Maybe you woke up one morning looking in the mirror noticing there was something different.
It was difficult to spot the difference because you look at your face every morning. You stumble upon an old picture from college or even just five years ago. “My skin used to be so smooth and firm!” “Where did that saggy, extra skin come from underneath my chin?”
Skin issues can be emotionally difficult to deal with. We feel self-conscious when there is a giant, red pimple on our nose or when there are more dark spots and less firmness in our skin. It is the first thing people see and generally, we cannot hide it.
As a teenager, I struggled with acne and later in my twenties, I remember waking up one morning with dry, scaly patches on the bridge of my nose and on my neck. Seemingly overnight, I found myself dealing with moderately severe eczema.
People would ask, “What’s wrong with your neck? Did you get a really bad sunburn.” As much as I tried to convince myself that I was not self-conscious about my skin, these innocent comments from friends and family started to wear down on me.
I would hesitate to wear t-shirts because they exposed my neck, and I did not want to deal with the “innocent” comments or have to explain that I was not contagious. I tried different eczema creams and lotions but this was more than just dry skin.
As much as I disliked going to the doctor, my mom, who is a pharmacist, convinced me to make an appointment with my family physician. My doctor examined my skin and came back after 5 minutes with two tubes of medication—two different forms of topical steroid creams. He said, “Just apply these until the patches go away.”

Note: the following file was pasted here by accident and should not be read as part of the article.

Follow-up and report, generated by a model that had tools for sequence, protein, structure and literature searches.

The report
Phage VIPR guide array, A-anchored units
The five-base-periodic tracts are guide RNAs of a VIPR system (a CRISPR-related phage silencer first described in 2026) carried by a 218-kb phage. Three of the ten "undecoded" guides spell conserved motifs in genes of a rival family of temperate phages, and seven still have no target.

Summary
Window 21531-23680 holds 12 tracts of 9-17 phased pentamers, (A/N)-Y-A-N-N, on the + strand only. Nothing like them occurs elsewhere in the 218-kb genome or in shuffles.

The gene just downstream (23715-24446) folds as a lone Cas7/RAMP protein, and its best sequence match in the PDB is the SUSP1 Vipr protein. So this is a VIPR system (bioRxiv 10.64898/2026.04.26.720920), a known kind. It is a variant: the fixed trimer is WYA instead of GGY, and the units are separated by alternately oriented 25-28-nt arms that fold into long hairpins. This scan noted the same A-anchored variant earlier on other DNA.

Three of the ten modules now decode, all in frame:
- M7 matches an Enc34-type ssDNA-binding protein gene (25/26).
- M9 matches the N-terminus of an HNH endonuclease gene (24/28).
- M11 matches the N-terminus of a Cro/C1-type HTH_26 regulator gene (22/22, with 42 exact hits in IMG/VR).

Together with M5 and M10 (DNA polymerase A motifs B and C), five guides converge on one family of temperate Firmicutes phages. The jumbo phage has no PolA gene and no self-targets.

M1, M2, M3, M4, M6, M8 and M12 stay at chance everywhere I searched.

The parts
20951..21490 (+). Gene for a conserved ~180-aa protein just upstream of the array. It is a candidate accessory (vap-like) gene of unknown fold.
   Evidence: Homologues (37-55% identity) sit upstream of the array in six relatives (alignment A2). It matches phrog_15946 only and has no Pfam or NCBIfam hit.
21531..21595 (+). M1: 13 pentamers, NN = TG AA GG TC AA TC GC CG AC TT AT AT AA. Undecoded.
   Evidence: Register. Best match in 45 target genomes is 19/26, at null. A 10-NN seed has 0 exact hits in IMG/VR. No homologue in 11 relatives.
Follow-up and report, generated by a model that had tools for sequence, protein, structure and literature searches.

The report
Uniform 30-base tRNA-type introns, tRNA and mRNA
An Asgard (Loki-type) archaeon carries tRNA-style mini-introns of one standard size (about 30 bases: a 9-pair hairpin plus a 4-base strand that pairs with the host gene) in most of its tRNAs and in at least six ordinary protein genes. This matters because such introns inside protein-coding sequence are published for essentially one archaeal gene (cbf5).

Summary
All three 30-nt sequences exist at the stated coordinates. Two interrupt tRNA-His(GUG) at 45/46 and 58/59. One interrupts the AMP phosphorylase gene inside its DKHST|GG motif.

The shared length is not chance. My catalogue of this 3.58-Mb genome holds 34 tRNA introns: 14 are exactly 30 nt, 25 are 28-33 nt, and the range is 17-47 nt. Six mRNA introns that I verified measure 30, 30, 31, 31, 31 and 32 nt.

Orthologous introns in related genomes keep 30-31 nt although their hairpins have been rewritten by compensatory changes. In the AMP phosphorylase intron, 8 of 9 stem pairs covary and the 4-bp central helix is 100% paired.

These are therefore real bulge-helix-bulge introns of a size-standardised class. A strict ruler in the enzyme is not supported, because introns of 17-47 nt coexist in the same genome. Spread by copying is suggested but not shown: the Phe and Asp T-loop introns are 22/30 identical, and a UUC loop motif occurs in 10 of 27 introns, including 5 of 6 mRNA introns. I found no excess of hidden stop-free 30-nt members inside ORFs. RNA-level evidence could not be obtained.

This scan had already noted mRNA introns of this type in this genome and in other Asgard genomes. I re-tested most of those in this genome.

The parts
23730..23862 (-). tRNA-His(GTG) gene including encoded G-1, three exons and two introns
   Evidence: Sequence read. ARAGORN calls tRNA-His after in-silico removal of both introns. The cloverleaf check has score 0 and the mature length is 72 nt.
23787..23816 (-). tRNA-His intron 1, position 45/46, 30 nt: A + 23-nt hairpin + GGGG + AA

“How long will I have to use these?”
“Probably off and on for the rest of your life.”
That just did not make any sense to me. This was one of those turning points in my life that started me down the path of looking for answers about what these symptoms mean and how to get to the root cause of the issue rather than just covering up the issue with medications.
Little did I realize, or did my family physician, that my form of eczema (also commonly called atopic dermatitis) was not primarily a skin disease, but rather a sign that my body’s internal environment was out of balance.
My mom was always the one encouraging myself and her customers at the pharmacy to use as few medications as possible. She promoted healthy lifestyle and nutrition because she understood that medications were not the answer to all health problems. You might see why I was inspired to look to a different approach to medicine. My holistic medical education at Bastyr University, an accredited naturopathic medical school, taught me to look at symptoms in the context of whole-body health.
Even if you do not have a skin condition, taking care of your internal environment will keep your skin healthy, radiant, and smooth.
Let me explain.
1. Skin Is The Largest Organ In The Body